Three days after Isthmus first reported that an honors student named Maia is facing expulsion from East High for a onetime alcohol violation, Superintendent Jennifer Cheatham is now telling the Madison school board it should "adjust [its] process for expulsions." On Friday, Cheatham sent a memo to board members recommending that they not enforce the current code of conduct for students with respect to expulsions for the remainder of this year. >More
 Wisconsin Department of Justice files cost-benefit analysis of Capitol protest prosecution with no numbers

Dane County Judge Peter Anderson might have been looking for some numbers when he asked the Wisconsin Department of Justice to estimate the costs and benefits of prosecuting Capitol tickets. But that's not what he got. In a response filed March 27, Assistant Deputy Attorney General Daniel P. Lennington argued that enforcing the "rule of law" has value beyond "reducing monetary enforcement expenses" to all citizens. >More
 'Zero tolerance run amok': Madison honors student expelled, family fights back

On March 14, three top Madison school officials spent most of their day trying to convince an independent hearing examiner to expel a 14-year-old honors student from East High School. Joseph Hill, expulsion and truancy coordinator for the district, argued the case along with his expert witnesses, Mary Kelley, principal of East High, and Mikki Smith, assistant principal. A court reporter, hired for the occasion, recorded the proceedings. >More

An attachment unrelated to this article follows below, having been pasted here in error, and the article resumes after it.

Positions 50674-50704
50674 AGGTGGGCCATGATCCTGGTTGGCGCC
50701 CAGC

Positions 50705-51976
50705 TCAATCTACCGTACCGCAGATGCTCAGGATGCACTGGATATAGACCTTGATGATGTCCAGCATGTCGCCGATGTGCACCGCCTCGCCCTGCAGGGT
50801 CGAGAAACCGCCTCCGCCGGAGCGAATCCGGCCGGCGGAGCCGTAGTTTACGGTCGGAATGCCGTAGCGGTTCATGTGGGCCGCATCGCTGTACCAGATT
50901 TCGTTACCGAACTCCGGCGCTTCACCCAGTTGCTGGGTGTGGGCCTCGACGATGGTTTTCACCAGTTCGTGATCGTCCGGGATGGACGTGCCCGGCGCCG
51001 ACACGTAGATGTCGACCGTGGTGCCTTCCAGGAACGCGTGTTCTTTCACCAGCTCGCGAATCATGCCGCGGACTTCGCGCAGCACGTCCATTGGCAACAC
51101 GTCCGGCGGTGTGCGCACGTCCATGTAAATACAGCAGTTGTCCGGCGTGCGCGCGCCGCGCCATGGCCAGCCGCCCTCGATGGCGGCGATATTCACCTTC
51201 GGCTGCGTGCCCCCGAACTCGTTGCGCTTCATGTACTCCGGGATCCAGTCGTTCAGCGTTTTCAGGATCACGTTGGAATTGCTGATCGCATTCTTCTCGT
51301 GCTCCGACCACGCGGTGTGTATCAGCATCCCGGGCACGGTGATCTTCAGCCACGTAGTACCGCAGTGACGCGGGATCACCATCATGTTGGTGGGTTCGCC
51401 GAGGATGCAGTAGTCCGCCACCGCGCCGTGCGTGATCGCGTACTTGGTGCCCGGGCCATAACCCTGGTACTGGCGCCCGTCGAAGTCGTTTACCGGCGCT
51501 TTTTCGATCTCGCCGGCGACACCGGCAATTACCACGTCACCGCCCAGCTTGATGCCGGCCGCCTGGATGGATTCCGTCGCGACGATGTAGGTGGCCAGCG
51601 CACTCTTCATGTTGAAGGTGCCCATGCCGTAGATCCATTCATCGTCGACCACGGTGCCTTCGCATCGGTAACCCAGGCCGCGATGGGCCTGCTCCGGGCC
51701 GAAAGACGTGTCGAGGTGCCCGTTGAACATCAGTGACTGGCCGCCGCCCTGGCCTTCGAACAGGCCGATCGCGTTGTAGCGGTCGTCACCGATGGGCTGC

Wisconsin DOJ to appeal Dane County court ruling dismissing Solidarity Sing Along tickets on constitutional grounds

According to Assistant Attorney General Devra Ayala, the Wisconsin Department of Justice is planning to appeal Dane County Judge John Markson's ruling that the state's permitting requirements for Capitol gatherings are unconstitutional. Markson dismissed 29 tickets that had been issued to participants in the Solidarity Sing Along on the basis of his Feb. 5 decision in State of Wisconsin vs. Michael W. Crute and his ruling has since been used by other Dane County judges to also toss Capitol citations. >More
 Rev. Dr. William J. Barber II of North Carolina's 'Moral Monday' protest movement comes to Madison

Madison's civil rights and labor rights advocates are hoping to learn something from a movement born in North Carolina that is spreading throughout the South. The "Moral Monday" movement started in 2013 in protest of Republican efforts in the North Carolina statehouse to cut funding for education, Medicaid and unemployment benefits and to restrict access to voting and abortion services. >More
 Taxi industry mobilizes as Lyft and Uber ride apps launch in Madison

Local educator and entrepreneur Erin McWalter is working on her second startup, a project whose goal is to create "resilient communities by facilitating interactive and diverse public spaces." She speaks of "forward momentum advocates" and an "ecosystem of innovation." And it is in this context of change that she welcomes the recent arrival to Madison of two app-based ride services, Lyft and Uber. >More
 Pussy Riot members petition Wisconsin attorney general to stop prosecuting Solidarity Sing Along (updated)

Two members of the Russian punk band Pussy Riot are speaking out in support of the Solidarity Sing Along, which has for three years protested Gov. Scott Walker's policies on weekdays at the Capitol. Nadya Tolokonikova and Masha Alyokhina appear in a video launched Tuesday by the human-rights group the Voice Project. >More
 ACLU's injunction to block Wisconsin's same-sex marriage ban cites parental rights

U.S. District Judge Barbara Crabb will hear arguments on March 27 on a request to temporarily bar enforcement of Wisconsin's same-sex marriage ban.The American Civil Liberties Union filed a motion Thursday night seeking a preliminary injunction that would stay in place until there is a final decision in a federal lawsuit challenging the constitutionality of the ban. >More